To preserve random assignment, as well as to minimize any negative inferences that could be drawn about those not in the social recognition group, we guaranteed that the BDM responses would be used to determine assignment only with 10% chance. We explained to participants that they would have a 10% chance of receiving an additional $8 reward in the form of an Amazon gift card, the contents of which would be used to “pay” to implement their choices. If they were selected to be in that 10%, at the end of the experiment a computer would check how many times they actually attended the YMCA. The computer would then randomly choose a number between $0 and $8. If the computer chose a value smaller or equal to the amount they would give up to receive (or avoid) social recognition for the level of their actual attendance during the experiment, then their favorite decision about the SRP would be implemented. In this case, their extra reward would either be equal to $8 with 50% chance, or equal to $8 minus the amount chosen by the computer with 50% chance. If instead the computer chose a value larger than the amount that they would give up to receive/avoid social recognition, then their favorite decision would be implemented with only 50% probability and they would receive a reward of $8. Participants were also told that each draw for each participant is independent.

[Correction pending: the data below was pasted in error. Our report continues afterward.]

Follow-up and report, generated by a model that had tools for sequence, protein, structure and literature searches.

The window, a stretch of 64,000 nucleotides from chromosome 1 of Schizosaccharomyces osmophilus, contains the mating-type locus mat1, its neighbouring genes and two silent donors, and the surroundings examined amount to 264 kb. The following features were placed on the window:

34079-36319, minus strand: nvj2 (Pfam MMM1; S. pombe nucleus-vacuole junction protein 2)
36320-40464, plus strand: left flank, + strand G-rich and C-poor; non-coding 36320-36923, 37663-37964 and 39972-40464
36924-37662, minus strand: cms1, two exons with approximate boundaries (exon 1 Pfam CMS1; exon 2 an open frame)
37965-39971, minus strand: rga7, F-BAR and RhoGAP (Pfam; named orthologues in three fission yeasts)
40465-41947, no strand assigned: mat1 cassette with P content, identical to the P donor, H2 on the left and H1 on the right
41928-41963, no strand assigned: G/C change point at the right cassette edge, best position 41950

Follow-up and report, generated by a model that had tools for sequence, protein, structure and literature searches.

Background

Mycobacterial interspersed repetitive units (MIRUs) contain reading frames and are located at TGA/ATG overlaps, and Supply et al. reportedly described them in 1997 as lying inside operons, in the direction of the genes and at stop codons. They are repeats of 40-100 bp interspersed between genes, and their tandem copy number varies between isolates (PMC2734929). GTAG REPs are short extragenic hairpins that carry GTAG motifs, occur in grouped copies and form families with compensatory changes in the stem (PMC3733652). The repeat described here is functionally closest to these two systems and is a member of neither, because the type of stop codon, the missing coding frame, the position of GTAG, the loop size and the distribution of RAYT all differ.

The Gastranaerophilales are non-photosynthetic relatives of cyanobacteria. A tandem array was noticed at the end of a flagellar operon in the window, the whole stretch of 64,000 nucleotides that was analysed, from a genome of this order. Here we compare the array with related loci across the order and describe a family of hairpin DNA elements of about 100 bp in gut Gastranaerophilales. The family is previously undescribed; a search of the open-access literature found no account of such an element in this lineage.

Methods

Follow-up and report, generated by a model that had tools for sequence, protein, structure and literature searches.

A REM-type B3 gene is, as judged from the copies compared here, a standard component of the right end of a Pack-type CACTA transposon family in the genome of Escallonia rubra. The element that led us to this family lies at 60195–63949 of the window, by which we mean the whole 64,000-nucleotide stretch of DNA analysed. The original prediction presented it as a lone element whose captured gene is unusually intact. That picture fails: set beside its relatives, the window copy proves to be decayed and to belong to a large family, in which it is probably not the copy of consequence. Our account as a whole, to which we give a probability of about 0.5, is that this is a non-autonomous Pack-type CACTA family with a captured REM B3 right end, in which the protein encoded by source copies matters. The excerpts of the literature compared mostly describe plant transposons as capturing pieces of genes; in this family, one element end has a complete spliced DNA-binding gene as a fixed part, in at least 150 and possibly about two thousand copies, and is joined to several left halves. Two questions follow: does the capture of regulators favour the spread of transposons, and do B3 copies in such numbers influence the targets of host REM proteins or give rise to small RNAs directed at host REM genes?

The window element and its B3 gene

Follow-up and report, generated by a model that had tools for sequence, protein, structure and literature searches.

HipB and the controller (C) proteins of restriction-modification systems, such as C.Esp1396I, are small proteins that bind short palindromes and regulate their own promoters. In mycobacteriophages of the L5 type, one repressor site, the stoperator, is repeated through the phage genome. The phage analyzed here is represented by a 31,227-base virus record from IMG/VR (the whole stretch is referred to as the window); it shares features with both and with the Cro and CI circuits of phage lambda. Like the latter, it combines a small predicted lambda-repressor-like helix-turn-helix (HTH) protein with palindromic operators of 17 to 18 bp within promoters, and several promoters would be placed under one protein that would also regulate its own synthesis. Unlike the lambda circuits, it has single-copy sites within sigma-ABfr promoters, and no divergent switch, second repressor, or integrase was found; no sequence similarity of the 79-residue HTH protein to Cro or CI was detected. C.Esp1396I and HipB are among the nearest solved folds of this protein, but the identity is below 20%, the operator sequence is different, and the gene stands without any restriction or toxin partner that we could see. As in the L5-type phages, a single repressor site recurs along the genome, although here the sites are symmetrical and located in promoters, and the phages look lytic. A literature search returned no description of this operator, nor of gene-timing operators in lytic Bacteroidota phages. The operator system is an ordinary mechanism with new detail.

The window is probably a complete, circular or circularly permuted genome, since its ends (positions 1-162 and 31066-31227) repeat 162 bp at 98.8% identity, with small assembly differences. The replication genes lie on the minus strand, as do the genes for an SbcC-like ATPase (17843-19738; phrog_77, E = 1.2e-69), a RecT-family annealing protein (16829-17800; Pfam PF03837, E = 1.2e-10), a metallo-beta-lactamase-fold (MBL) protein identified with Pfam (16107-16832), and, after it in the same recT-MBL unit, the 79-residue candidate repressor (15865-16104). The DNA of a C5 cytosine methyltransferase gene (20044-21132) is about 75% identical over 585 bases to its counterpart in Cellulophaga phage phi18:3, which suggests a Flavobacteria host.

From subjects' perspective, this procedure is equivalent to a second price sealed-bid auction against an unknown bidder. Note that providing a 50-50 chance to receive the desired option whenever random draws are above participants' bids was necessary, as otherwise participants would have had an incentive to misrepresent their true preferences in the first part of the “yes/no” elicitation and then simply bid zero.